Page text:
3. Amount and substantiality; (The smaller the portion of the work that you use, the more likely the use will be considered fair.);
  4. Effect upon the work’s value. (Copying a work is less fair if it is used as a substitute for a product on the marketplace, depriving the copyright holder of potential income.)

There is no exact formula for determining fair use; you must consider all four factors and base a conclusion on the aggregate of all four. The American Library Association makes available this tool for helping you make a determination about the fairness of a use that you are considering:

Fair Use Evaluator

If you’ve determined that your intended use cannot be strongly defended by the fair use guidelines, or any of the other exemptions, then you should consider other ways of providing your students with access to the work, such as scheduling a screening or leaving a copy of the material on reserve. Many films are also now available inexpensively, for online rental to individuals; Google the film title and the results may show that Amazon Video, YouTube, or iTunes may stream the video to individuals for $2.99 each.

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Bring a Scanner on Your Next Research Trip

ACS has a portable scanner that’s available for Vassar faculty members to borrow. It’s ideal for bringing to an archive to scan documents (if allowed) for later study. While it’s true that you can save an image of a document page with your phone/camera, a scan will give you a much more consistent and high-quality result.

Most scanners are too bulky and heavy to consider traveling with, but not this one. The Canon Canoscan LiDE 700F is essentially the size of a laptop computer. It’s less than 2 inches high, with a footprint of 11.5 x 16 inches. It weighs only 4.6 pounds. It can scan a letter-size document (8.5″ x 11″) with a resolution of up to 4800×4800 dpi. It fits snugly in a 12″ x 17″ 2.5″ padded carrying case.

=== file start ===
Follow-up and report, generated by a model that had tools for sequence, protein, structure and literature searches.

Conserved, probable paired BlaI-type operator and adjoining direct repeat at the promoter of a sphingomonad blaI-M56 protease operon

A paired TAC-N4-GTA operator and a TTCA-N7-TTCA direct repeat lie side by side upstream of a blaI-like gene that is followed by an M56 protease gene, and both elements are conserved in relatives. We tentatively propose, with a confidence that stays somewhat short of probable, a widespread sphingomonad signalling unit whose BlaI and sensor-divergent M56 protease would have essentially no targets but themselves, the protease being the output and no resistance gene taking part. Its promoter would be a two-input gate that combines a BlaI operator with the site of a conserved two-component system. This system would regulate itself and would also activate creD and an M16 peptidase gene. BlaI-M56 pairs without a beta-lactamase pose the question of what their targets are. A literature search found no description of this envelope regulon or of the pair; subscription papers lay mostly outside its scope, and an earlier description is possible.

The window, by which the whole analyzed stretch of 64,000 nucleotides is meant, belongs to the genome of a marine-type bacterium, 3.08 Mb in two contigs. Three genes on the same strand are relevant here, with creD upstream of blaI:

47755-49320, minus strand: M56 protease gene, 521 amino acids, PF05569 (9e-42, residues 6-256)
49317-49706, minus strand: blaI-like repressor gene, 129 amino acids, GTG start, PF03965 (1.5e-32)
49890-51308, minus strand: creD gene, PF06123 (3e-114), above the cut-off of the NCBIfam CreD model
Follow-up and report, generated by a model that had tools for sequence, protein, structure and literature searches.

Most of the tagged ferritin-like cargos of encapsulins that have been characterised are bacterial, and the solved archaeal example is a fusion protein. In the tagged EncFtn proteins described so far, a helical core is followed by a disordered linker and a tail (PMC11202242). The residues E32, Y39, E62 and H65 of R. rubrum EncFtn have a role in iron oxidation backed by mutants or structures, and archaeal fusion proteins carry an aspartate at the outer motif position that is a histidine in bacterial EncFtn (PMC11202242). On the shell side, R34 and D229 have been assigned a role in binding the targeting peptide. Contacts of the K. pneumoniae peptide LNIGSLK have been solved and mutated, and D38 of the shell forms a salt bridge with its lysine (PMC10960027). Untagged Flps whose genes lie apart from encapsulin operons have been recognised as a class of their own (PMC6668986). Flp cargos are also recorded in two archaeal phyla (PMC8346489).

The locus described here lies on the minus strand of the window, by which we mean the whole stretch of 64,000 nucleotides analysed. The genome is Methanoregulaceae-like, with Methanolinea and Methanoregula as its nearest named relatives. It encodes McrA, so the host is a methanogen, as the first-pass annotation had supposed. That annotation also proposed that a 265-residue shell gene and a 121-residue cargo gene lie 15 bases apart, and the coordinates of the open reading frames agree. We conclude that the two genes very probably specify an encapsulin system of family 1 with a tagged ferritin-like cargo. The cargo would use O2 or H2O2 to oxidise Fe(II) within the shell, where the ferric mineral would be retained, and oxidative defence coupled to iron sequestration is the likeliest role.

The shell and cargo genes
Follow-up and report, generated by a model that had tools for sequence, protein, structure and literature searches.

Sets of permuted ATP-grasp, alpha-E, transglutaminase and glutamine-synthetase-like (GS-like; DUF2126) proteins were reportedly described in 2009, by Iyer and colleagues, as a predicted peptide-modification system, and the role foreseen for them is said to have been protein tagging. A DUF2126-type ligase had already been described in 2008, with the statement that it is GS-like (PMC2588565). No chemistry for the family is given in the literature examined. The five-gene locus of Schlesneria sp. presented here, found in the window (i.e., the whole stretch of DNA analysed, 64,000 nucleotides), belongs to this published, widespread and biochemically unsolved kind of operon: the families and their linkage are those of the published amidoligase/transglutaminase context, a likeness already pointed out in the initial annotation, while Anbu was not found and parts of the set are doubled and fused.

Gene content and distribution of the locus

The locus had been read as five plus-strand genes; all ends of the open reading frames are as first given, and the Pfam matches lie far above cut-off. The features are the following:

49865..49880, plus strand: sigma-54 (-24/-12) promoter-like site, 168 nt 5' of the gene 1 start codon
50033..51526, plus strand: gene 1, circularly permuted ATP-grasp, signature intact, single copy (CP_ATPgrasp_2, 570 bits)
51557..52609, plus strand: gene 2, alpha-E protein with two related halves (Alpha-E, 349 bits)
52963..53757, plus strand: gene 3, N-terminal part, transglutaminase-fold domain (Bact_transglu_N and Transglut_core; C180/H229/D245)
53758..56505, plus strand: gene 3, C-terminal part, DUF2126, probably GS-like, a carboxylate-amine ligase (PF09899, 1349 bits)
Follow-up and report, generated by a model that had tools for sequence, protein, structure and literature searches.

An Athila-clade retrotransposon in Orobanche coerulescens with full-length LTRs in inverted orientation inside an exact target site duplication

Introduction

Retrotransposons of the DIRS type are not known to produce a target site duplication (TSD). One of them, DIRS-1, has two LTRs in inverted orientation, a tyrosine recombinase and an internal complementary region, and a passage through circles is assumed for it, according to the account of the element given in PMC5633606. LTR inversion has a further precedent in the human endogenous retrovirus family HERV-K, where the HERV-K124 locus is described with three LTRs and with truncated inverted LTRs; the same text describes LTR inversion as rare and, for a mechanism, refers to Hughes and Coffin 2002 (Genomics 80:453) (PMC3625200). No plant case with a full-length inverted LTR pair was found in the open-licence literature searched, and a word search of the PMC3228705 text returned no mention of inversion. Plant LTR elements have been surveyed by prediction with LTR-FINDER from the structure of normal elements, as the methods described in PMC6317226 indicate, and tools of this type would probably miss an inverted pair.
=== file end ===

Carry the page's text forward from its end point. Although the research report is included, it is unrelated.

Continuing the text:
71hM38-aSVL._SL1500_

 

Contact your ACS liaison if you’re interested in borrowing it.

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Remote Learning at a Residential College

by Steve Taylor

Since shortly after the web was developed, colleges and universities have used it for conducting distance education programs. Leaders in the practice included public institutions, whose mission included serving a wide geographical area of non-traditional students; large universities, who were challenged to provide alternatives to courses taught in huge lecture halls; and professional schools and trade schools, whose focus was on procedural skills. The emergence of MOOCs in 2012 brought more attention to the practice. It has not been obvious, however, how distance learning technologies could benefit small, private, residential, liberal arts colleges like Vassar. Many have doubted— reasonably so—  that an online course could offer a better learning experience than a face-to-face course with a small student/faculty ratio. At Vassar this summer, we identified a use for distance learning technologies that borders on the ironic: a residential college connecting with its students when they’re not in residence; an institution known for small class sizes interacting with a student cohort of 700. We used Moodle to enhance our summer common reading program for incoming students.